The Life Cycle of Programming Languages

The Life Cycle of Programming Languages by Betsy Haibel

I don’t know that you will agree with Betsy’s conclusion but it is an interesting read.

Fourteen years ago the authors of the Agile Manifesto said unto us: all technical problems are people problems that manifest technically. In doing so they repeated what Peopleware’s DeMarco and Lister had said fourteen years before that. We cannot break the endless cycle of broken frameworks and buggy software by pretending that broken, homogenous [sic] communities can produce frameworks that meet the varied needs of a broad developer base. We have known this for three decades.

The “homogeneous community” in question is, of course, white males.

I have no idea if the founders of the languages she mentions are all white males or not. But for purposes of argument, let’s say that the founding communities in question are exclusively white males. And intentionally so.

OK, where is the comparison case of language development that demonstrates a more gender, racial, sexual orientation, religious, inclusive group would produce less broken frameworks and less buggy software, but some specified measure?

I understand the point that frameworks and code are currently broken and buggy, no argument there. No need to repeat that or come up with new examples.

The question that interests me and I suspect would interest developers and customers alike, is where are the frameworks or code that is less buggy because they were created by more inclusive communities?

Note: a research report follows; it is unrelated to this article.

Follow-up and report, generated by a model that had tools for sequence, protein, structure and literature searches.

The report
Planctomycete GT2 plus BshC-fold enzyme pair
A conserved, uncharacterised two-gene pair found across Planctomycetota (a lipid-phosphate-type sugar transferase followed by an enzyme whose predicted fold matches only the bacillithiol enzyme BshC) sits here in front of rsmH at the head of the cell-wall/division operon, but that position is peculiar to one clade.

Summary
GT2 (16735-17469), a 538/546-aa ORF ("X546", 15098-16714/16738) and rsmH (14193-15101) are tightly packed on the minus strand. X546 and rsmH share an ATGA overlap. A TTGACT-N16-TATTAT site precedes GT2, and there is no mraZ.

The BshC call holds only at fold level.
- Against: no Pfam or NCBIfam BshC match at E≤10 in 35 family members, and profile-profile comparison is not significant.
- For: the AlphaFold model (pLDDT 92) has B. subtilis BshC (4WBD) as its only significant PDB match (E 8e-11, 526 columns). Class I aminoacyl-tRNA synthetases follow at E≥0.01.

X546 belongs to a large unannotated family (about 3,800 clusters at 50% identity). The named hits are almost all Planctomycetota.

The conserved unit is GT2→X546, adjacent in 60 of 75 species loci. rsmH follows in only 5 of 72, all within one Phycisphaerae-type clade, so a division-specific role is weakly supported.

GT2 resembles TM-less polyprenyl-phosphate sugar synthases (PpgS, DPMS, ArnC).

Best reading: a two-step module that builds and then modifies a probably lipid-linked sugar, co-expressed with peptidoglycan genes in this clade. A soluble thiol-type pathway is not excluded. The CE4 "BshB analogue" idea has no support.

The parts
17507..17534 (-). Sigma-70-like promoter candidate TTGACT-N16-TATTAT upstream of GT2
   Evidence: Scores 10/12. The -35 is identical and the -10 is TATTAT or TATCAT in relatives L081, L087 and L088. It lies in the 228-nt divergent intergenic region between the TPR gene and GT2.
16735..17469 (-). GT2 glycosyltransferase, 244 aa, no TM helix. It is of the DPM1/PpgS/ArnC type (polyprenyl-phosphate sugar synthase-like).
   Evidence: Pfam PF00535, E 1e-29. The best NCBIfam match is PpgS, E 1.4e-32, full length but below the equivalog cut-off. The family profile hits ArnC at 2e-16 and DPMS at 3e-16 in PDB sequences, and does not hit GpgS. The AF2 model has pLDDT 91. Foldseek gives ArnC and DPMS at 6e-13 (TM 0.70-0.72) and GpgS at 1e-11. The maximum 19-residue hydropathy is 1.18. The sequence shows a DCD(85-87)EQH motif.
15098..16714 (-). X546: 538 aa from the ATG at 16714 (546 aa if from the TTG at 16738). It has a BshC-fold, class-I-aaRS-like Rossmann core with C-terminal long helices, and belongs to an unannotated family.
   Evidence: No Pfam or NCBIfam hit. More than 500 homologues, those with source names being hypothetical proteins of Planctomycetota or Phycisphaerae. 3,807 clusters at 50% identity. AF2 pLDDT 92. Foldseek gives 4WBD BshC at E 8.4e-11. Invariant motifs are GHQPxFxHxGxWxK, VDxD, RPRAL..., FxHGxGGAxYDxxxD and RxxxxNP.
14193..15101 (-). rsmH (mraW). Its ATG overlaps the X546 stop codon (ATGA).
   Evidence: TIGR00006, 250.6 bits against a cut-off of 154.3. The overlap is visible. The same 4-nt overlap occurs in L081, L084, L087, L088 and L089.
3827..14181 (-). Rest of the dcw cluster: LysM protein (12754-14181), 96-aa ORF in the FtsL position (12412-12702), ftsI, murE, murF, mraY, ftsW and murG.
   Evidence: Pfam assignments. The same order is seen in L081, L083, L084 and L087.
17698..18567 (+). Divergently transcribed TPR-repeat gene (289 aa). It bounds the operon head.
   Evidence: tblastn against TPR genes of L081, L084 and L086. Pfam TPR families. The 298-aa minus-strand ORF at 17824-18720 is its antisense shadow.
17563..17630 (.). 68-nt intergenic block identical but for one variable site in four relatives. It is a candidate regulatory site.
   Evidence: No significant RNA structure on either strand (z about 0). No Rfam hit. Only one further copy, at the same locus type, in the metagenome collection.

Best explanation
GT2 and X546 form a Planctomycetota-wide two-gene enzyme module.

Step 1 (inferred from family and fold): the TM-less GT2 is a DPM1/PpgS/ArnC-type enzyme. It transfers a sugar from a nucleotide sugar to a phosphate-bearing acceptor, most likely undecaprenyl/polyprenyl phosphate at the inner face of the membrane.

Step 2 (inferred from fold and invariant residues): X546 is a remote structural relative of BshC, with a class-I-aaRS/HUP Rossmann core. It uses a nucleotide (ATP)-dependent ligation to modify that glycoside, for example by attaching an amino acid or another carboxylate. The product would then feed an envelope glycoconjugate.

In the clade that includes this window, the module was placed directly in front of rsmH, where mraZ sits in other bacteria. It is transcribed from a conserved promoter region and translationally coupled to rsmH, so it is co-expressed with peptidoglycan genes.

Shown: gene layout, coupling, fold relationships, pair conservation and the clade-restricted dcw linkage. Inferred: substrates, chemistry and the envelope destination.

Inclusion will sell itself, quickly, if the case can be made that inclusive communities produce more useful frameworks or less buggy code.

In making the case for inclusion, citing studies that groups are more creative when diverse isn’t enough. Point to the better framework or less buggy code created by a diverse community. That should not be hard to do, assuming such evidence exists.

Make no mistake, I think discrimination on the basis of gender, race, sexual orientation, religion, etc. are not only illegal, they are immoral. However, the case for non-discrimination is harmed by speculative claims for improved results that are not based on facts.

Where are those facts? I would love to be able to cite them.

PS: Flames will be deleted. With others I fought gender/racial discrimination in organizing garment factories where the body heat of the workers was the only heat in the winter. Only to be betrayed by a union more interested in dues than justice for workers. Defeating discrimination requires facts, not rhetoric. (Recalling it was Brown vs. Board of Education that pioneered the use of social studies data in education litigation. They offered facts, not opinions.)

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